In a recent Georgia premises liability case, the court considered a slip and fall and again reiterated that these cases are very weak. A hotel guest sustained injuries when she slipped in the shower and fell. She was 65 years old, and she and her adult daughter had come to a hotel in Georgia that the daughter had pre-booked. On the following day, they were planning to visit family. The plaintiff had rheumatoid arthritis, and during check-in she asked for a handicap accessible room or a first floor room. There weren’t rooms like this available, so the woman and her daughter accepted adjacent rooms that were two stories up. It was late, and they couldn’t imagine trying to find a motel at that hour.
The next morning, the woman stepped into the bathtub, which seemed dry and clean. She went in and turned on the water and began lathering herself with the soap. Suddenly, her feet went out from under her, and she fell down. She crawled out of the tub and called her daughter. Her daughter came in to help her dress. They checked out of their rooms and left the hotel to go visit family.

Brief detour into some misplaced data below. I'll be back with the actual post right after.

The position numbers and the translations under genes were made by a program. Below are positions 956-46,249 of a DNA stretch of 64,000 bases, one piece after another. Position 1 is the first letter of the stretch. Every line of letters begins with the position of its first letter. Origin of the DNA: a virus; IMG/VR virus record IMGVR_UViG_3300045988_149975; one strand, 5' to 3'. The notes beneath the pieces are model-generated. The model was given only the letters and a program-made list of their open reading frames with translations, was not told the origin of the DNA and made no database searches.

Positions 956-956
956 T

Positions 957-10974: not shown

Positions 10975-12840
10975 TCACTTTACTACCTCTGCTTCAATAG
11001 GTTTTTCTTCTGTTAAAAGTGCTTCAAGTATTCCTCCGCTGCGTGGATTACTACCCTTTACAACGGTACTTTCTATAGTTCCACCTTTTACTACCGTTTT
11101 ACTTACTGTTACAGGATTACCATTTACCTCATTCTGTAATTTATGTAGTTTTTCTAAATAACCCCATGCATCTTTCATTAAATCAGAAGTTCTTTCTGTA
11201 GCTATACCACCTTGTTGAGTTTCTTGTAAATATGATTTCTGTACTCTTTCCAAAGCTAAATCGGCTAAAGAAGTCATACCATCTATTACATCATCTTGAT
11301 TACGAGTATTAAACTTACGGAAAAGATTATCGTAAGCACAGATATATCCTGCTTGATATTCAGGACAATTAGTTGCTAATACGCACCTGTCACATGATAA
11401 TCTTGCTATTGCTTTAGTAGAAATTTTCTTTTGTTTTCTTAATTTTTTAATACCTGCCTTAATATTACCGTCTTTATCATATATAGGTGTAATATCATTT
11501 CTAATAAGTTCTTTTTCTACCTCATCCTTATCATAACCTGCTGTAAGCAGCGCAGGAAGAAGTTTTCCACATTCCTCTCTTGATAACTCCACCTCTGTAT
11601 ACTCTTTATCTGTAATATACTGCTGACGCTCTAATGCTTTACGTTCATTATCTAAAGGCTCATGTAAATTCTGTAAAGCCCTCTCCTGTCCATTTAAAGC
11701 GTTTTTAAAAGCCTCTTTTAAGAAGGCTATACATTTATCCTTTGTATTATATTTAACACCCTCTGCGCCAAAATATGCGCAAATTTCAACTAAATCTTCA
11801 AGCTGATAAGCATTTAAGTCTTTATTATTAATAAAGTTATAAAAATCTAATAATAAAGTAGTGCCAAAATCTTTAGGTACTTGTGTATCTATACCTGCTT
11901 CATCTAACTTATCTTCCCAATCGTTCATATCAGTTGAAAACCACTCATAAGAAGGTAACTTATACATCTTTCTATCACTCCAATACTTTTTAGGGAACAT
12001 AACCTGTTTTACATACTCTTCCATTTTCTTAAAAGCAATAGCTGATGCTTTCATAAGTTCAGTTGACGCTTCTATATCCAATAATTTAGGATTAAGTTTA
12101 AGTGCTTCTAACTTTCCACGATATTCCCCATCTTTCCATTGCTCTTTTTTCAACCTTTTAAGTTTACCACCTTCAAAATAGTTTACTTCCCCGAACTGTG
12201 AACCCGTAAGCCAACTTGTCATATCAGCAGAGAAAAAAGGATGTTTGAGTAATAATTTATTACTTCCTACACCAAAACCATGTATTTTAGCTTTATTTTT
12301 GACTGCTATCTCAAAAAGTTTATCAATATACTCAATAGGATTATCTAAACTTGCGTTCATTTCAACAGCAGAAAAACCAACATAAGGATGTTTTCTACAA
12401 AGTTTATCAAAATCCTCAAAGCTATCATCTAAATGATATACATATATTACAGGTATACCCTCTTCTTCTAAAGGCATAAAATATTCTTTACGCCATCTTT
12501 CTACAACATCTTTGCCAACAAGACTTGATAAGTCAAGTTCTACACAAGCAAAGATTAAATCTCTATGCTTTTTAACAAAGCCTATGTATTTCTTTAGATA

The woman sued the owner and operator of the hotel. During her deposition, she was only able to say that she’d fallen because the tub was slippery. She didn’t know why the tub was slippery. She was standing, and suddenly her feet slipped out, but she didn’t know what had caused it. Her daughter had gone to look at the condition of the tub afterward, but she hadn’t. The daughter testified about what she’d seen and said that the tub was very slick, and it wasn’t because there was a lot of soap. She didn’t know what made the tub so slick.